Md. employers are optimistic about new jobs More plan to hire than to lay off

June 02, 1993|By Kim Clark | Kim Clark,Staff Writer

Employers' hiring plans in Maryland are the most positive they've been since the beginning of the 1990-1991 recession, a quarterly survey of state businesses released yesterday has reported.

In the second straight quarter of optimism, the number of Maryland employers that told Manpower Inc. they plan to hire permanent workers through September far exceeds the number that said they plan to lay off.

Economists said the continuing trend showed that Maryland has caught up with the national economic recovery.

"Maryland has finally turned the corner," said Michael A. Conte, a University of Baltimore economist.

Maryland's hiring prospects were slightly better than the national average, and about equal to those of the two strongest regions -- the South and Midwest.

Across the country, Manpower found that one in four employers planned to hire, while one in eight expected to lay off workers. But the survey found widespread layoff plans in the West and slow hiring plans in the Northeast.

Dr. Conte predicted that this was the start of a slow but steady improvement for Maryland.

"I don't think it is going to go down again," he said of the local economy. He said, however, that hiring would not take off the way it did in the 1982 recovery because employers are waiting to see the outcome of President Clinton's tax and health care plans.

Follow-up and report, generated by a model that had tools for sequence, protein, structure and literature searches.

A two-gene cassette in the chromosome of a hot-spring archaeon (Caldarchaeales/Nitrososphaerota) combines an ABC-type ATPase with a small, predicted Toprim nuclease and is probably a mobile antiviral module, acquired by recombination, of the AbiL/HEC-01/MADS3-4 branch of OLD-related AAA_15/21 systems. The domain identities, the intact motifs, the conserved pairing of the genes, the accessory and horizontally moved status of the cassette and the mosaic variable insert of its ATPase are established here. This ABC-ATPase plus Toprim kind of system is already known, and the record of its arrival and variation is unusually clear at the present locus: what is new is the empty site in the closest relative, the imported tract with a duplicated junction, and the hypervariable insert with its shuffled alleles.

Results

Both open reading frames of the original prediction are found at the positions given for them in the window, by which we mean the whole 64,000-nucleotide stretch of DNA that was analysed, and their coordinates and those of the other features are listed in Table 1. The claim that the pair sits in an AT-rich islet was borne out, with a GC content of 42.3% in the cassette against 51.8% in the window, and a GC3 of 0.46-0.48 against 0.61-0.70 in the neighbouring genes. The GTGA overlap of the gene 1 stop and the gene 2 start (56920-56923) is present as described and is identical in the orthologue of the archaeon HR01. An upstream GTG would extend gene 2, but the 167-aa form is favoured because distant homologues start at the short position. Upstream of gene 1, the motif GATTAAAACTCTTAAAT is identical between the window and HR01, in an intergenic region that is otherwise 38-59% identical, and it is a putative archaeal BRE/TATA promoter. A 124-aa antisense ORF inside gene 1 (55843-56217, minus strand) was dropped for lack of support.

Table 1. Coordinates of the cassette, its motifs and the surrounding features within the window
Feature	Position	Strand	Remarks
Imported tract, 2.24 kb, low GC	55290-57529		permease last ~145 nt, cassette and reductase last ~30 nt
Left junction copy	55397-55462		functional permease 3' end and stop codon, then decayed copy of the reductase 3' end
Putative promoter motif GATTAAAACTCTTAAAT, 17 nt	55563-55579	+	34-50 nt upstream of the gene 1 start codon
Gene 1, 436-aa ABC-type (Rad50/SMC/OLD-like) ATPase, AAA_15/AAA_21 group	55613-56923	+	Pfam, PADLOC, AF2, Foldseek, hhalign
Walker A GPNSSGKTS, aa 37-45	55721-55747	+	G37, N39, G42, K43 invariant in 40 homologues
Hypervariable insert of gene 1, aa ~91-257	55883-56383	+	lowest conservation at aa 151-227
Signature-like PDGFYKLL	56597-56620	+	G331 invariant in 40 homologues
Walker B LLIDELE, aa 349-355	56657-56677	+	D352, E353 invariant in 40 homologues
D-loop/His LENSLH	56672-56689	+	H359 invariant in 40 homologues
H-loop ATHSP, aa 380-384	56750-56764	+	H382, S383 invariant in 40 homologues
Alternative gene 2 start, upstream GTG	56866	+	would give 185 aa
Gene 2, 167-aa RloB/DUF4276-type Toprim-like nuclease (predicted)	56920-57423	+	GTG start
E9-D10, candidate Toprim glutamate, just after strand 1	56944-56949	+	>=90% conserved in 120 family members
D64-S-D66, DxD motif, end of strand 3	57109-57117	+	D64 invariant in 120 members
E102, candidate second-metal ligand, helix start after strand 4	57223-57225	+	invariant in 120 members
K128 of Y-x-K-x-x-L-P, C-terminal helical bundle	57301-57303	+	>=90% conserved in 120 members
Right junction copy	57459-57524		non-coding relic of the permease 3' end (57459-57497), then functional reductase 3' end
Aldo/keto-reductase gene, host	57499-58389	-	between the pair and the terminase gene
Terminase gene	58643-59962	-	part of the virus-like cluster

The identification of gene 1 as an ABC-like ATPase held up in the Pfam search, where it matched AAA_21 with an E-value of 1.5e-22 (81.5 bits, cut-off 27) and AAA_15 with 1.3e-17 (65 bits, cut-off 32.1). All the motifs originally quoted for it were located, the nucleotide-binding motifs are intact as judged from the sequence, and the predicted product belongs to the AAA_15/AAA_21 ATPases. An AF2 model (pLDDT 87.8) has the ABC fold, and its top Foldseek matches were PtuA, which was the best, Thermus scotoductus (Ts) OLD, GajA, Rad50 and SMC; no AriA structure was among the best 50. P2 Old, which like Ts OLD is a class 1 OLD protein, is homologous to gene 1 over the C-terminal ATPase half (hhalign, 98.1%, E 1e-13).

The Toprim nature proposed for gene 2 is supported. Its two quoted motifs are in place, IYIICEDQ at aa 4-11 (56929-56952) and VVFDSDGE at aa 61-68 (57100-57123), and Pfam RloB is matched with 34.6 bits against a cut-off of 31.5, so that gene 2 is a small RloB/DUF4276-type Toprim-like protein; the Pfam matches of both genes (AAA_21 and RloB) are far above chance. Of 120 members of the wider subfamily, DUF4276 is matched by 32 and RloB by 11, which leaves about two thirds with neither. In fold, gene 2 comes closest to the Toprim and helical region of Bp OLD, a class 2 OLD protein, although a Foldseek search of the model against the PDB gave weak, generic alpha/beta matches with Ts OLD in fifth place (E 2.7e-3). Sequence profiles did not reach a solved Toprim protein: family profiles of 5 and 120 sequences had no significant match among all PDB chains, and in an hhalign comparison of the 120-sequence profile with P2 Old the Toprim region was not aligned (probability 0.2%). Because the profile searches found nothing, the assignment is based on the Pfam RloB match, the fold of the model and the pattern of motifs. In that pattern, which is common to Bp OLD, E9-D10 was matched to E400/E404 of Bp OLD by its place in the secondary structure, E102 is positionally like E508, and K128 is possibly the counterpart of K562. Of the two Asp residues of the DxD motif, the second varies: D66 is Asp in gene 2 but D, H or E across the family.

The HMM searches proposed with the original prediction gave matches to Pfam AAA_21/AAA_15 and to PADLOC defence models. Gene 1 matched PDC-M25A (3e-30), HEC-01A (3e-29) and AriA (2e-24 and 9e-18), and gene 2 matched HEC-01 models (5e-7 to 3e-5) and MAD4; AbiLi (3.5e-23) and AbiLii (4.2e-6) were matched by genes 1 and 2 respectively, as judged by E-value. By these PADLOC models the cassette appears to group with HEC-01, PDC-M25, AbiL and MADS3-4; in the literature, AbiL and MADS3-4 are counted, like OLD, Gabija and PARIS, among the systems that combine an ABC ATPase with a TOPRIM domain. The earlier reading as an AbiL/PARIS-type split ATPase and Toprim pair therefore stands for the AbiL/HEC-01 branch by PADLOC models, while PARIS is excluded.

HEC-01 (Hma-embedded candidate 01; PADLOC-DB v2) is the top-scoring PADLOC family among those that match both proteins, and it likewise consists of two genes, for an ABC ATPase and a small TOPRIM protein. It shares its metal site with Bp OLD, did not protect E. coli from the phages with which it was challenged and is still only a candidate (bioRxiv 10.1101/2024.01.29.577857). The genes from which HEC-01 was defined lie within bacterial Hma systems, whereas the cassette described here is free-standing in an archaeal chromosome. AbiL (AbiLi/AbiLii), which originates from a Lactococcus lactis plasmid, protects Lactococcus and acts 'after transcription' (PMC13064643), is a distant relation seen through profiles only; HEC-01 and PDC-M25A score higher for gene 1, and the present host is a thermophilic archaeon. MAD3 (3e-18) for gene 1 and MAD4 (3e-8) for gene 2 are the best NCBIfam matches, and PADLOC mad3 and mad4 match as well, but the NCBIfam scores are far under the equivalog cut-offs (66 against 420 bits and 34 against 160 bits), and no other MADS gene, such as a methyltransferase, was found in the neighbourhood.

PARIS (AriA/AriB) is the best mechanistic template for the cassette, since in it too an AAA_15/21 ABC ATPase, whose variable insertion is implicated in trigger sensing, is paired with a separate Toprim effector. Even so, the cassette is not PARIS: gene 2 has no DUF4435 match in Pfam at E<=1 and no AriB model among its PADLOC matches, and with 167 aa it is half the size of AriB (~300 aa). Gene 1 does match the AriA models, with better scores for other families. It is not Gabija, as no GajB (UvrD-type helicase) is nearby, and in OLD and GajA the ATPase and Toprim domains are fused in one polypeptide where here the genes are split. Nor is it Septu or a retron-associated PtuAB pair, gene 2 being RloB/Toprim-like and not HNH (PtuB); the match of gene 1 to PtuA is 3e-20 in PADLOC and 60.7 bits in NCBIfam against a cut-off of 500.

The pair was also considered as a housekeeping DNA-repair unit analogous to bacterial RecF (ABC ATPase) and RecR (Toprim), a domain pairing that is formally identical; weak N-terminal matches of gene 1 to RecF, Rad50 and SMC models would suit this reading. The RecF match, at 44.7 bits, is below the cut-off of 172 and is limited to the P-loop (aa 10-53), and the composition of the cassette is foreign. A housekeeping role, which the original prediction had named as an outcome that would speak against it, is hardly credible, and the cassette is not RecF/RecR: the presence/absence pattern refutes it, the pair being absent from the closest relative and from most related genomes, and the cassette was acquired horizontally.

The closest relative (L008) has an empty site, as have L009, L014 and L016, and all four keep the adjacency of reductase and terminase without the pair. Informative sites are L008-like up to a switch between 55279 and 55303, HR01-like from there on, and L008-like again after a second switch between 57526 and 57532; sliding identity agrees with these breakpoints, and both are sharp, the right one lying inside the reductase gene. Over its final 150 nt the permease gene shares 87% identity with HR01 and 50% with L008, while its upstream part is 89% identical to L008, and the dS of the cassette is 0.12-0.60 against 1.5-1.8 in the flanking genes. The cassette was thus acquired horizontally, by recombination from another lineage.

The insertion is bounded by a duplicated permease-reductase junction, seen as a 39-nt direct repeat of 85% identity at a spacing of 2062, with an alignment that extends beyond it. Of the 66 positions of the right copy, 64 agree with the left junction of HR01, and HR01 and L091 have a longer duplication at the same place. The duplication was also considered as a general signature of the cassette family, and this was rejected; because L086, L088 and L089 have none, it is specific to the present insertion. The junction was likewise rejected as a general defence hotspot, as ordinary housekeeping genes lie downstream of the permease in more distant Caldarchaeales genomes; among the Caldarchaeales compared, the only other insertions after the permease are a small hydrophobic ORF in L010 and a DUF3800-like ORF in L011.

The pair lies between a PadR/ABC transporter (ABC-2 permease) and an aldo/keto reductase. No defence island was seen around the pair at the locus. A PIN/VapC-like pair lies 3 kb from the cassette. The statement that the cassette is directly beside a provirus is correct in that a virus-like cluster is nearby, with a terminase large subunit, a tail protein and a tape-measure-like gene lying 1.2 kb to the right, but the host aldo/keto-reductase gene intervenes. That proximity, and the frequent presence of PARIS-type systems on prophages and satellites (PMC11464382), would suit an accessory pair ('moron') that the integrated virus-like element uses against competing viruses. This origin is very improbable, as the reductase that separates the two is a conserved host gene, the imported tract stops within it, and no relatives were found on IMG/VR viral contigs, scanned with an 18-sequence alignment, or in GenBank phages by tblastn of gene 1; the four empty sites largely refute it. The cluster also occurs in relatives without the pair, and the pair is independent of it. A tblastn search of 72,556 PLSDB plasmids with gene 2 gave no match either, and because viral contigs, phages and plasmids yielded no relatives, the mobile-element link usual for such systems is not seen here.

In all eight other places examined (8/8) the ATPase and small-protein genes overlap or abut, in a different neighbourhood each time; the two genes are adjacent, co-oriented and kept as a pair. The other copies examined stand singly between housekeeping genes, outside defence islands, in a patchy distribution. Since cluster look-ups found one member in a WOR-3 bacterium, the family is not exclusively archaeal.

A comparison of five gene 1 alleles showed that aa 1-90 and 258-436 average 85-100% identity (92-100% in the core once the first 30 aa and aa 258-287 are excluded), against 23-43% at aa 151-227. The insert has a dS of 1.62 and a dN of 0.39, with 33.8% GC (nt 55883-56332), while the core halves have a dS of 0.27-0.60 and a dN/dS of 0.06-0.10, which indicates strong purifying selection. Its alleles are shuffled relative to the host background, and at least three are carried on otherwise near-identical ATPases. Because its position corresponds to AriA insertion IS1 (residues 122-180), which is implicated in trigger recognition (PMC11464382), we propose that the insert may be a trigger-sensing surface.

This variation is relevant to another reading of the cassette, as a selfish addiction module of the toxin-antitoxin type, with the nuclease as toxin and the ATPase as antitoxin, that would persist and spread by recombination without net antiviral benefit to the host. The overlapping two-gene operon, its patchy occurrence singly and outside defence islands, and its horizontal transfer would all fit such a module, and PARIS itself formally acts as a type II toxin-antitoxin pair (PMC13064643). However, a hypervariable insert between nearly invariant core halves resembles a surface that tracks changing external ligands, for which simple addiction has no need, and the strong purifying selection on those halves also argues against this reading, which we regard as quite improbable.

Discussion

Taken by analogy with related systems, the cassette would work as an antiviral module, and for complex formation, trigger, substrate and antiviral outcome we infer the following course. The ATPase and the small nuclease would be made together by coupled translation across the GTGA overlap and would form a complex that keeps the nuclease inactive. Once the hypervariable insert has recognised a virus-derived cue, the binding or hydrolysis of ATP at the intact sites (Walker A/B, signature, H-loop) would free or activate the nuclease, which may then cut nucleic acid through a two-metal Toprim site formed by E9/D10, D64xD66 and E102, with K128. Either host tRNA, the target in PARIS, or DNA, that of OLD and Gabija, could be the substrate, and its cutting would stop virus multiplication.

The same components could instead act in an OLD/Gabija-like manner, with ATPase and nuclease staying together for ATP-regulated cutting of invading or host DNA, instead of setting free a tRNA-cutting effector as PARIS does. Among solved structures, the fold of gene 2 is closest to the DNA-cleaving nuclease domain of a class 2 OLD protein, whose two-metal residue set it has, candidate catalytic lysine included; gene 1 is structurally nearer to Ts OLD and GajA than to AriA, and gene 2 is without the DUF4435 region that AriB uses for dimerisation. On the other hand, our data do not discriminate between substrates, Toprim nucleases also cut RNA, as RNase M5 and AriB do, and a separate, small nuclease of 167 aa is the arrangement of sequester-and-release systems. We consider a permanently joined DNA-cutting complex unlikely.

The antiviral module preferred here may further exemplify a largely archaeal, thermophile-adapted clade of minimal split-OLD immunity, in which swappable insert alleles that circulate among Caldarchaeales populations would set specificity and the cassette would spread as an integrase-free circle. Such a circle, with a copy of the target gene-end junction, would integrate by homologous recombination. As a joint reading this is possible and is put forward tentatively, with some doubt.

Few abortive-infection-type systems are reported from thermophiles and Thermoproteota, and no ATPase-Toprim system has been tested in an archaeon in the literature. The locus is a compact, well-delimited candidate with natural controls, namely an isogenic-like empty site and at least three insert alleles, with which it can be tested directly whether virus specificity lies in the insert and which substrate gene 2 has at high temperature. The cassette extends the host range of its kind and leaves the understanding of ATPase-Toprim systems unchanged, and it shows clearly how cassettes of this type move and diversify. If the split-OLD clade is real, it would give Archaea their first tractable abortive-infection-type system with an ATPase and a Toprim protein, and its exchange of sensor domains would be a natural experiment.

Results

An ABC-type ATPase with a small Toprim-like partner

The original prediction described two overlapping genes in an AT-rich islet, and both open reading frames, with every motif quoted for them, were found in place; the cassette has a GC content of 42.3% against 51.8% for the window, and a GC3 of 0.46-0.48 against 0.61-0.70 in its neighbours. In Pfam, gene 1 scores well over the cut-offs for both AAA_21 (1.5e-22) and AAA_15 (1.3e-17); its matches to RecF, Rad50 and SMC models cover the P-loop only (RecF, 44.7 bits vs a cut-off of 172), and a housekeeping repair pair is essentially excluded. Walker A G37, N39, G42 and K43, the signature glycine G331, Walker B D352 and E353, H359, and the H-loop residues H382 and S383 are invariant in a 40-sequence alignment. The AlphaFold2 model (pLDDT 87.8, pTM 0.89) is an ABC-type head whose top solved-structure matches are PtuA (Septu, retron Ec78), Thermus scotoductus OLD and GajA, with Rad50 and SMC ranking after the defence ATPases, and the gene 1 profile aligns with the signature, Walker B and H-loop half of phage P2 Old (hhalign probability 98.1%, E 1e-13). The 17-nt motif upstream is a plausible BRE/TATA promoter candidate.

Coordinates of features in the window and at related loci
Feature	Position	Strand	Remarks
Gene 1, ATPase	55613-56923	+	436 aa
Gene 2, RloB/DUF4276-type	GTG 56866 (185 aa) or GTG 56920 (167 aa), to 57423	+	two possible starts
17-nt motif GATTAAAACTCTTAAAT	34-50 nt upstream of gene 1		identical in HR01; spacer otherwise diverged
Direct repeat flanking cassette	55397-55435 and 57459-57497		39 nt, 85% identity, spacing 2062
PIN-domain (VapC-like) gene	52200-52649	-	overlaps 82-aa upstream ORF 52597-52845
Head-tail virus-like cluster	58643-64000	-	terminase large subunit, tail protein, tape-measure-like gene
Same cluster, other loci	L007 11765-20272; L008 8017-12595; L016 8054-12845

In addition, employers said that though they have started hiring cautiously, the kinds of jobs being filled are often part time or low wage.

Alan V. Klug, owner of Klug Uniforms in Baltimore, said demand for uniforms has skyrocketed in recent weeks -- but the growth has been fueled almost entirely by orders for janitorial and security officer outfits.

The demand has been so strong that Mr. Klug, who said the recession nearly bankrupted him last year, has hired two part-time workers in the past two months and hopes to hire at least one more this summer.

Although one of his new workers is scheduled for 35 hours a week, Mr. Klug said he can't afford to give the person a 40-hour-a-week job because the new worker can't produce enough to cover the additional cost of providing health and other benefits.

Manpower Inc., a Milwaukee-based temporary services agency, found that 28 percent of all Maryland employers planned to add staffin the three-month period beginning July 1, a slight improvement over the 25 percent that reported second-quarter hiring plans. In both periods, 6 percent of all state employers planned to reduce staff.

It was the best showing in nearly three years.

Even employers in the area with the worst showing in the state -- Baltimore -- held out hope for job seekers, as nearly twice as many city businesses said they planned to hire as planned to fire this summer.

Annapolis employers, who were pessimistic this past winter andspring, were also upbeat about the summer. Nearly one in four reported expansion plans, while only one in 12 expected layoffs.

The Columbia area ranks as one of the hottest job-producers in the nation. Nearly half of employers there said they expect to hire this summer, and none foresaw layoffs.

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